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Robert Adamson has long been recognized as one of Australia’s
major poets, from his early writing as a poet maudit in Sydney through
twenty books of verse and prose. In more recent work, he has explored
the landscape of the Hawkesbury River, sounding its waters and wildlife
for psychological resonances.
The Goldfinches of Baghdad, Adamson’s first book published in North America, teems with cockatoos, kookaburras, lyrebirds, dollarbirds, and a host of waders from his native region. At once real presences and sly emissaries of the poetic imagination, these birds perform aspects of ourselves just as we assume their weird attributes: “The shadow your hand casts / resembles the mudlark, opening / its wings, calling and rocking, / perched in the pages / of my book.” Coming from elsewhere, they transgress human boundaries, ignoring sign posts and political borders. As birds and words exchange places, Adamson charts their migration. His poems arrive as epistles from the other side of the world.
“Robert Adamson is that rare instance of a poet who can
touch all the world and yet stay particular, local to the body he’s
been given in a literal time and place. He is as deft and resourceful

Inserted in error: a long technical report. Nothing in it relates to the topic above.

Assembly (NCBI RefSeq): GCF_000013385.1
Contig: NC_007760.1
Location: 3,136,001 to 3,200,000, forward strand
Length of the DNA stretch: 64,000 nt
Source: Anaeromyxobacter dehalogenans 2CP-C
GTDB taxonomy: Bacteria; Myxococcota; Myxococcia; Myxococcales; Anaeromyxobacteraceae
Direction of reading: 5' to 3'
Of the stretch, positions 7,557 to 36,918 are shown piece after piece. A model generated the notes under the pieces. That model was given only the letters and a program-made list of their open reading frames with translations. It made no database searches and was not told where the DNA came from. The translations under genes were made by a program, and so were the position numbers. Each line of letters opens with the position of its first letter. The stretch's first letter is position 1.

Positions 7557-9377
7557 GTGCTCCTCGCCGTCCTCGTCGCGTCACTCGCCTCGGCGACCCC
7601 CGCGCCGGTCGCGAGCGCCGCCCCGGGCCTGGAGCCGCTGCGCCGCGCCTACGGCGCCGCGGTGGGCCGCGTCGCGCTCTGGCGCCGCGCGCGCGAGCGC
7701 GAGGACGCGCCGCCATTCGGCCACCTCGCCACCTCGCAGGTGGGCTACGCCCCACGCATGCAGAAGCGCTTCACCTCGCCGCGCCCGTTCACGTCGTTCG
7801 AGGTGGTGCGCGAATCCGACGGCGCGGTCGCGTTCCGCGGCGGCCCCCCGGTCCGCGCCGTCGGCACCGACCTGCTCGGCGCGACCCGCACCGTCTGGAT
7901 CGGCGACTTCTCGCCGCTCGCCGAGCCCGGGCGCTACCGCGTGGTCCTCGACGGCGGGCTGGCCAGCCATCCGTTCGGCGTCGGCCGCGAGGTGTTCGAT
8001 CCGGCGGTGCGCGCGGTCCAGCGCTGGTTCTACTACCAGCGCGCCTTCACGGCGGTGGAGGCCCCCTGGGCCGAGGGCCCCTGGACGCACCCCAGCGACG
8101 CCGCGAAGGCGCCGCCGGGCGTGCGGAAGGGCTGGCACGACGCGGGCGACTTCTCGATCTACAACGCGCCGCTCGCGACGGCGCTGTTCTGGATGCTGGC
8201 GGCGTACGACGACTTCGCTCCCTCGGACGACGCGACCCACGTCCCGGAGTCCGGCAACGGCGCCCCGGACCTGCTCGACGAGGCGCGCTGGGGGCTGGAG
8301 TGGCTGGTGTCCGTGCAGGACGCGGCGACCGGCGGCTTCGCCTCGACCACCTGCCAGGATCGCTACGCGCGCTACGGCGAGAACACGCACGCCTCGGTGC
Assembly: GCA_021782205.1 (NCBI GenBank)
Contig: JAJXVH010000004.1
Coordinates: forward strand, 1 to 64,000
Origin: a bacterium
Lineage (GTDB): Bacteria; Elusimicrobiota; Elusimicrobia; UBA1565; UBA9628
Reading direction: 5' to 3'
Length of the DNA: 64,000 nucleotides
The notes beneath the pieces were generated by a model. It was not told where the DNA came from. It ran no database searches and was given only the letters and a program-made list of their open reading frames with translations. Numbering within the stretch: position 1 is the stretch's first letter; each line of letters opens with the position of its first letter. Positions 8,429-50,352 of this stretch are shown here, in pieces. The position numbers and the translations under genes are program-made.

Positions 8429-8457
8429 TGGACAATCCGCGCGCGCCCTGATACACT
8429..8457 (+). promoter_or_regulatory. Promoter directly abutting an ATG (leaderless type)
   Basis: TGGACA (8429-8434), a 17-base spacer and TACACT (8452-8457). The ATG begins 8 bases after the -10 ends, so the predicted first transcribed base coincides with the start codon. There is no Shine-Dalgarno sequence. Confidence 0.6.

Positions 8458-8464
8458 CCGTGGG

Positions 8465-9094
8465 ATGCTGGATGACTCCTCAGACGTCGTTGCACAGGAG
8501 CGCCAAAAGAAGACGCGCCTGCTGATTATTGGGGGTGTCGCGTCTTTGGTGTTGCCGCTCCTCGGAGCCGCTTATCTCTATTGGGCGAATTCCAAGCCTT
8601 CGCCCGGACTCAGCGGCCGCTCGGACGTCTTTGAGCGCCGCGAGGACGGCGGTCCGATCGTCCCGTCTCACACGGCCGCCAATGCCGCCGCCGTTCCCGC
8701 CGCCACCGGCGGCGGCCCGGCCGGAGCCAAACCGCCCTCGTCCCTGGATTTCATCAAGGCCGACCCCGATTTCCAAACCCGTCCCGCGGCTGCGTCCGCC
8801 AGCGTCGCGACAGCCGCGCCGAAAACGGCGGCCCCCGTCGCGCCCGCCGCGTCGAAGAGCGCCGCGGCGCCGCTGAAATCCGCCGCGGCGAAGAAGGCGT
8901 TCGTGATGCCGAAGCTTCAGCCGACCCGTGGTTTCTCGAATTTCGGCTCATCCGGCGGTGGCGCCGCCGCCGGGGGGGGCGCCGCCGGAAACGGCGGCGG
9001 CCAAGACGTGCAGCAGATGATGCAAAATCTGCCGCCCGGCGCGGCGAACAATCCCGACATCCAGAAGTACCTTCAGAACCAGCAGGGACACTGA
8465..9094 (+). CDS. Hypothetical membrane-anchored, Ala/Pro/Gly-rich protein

a craftsman as exists, and his poems move with a clarity and ease
I find unique.” —Robert Creeley
“The spareness and taut energy of the more recent poems, for all Adamson’s famous romanticism, seems classic; as if, like Yeats, he had discovered the exhilaration and enterprise of walking naked. What it costs a poet to dare such plain statement, the patience it requires, even the impatience, the dedication, the hard work, is part of the mystery of these poems and of the life that has been worked through to get them down… How the poems, as they come, change and shape the poet—the existential surprise that keeps him alive and on his toes—is what keeps us too, as we move through this life in poetry, intimately engaged and enlivened from the first poem to the last.” —David Malouf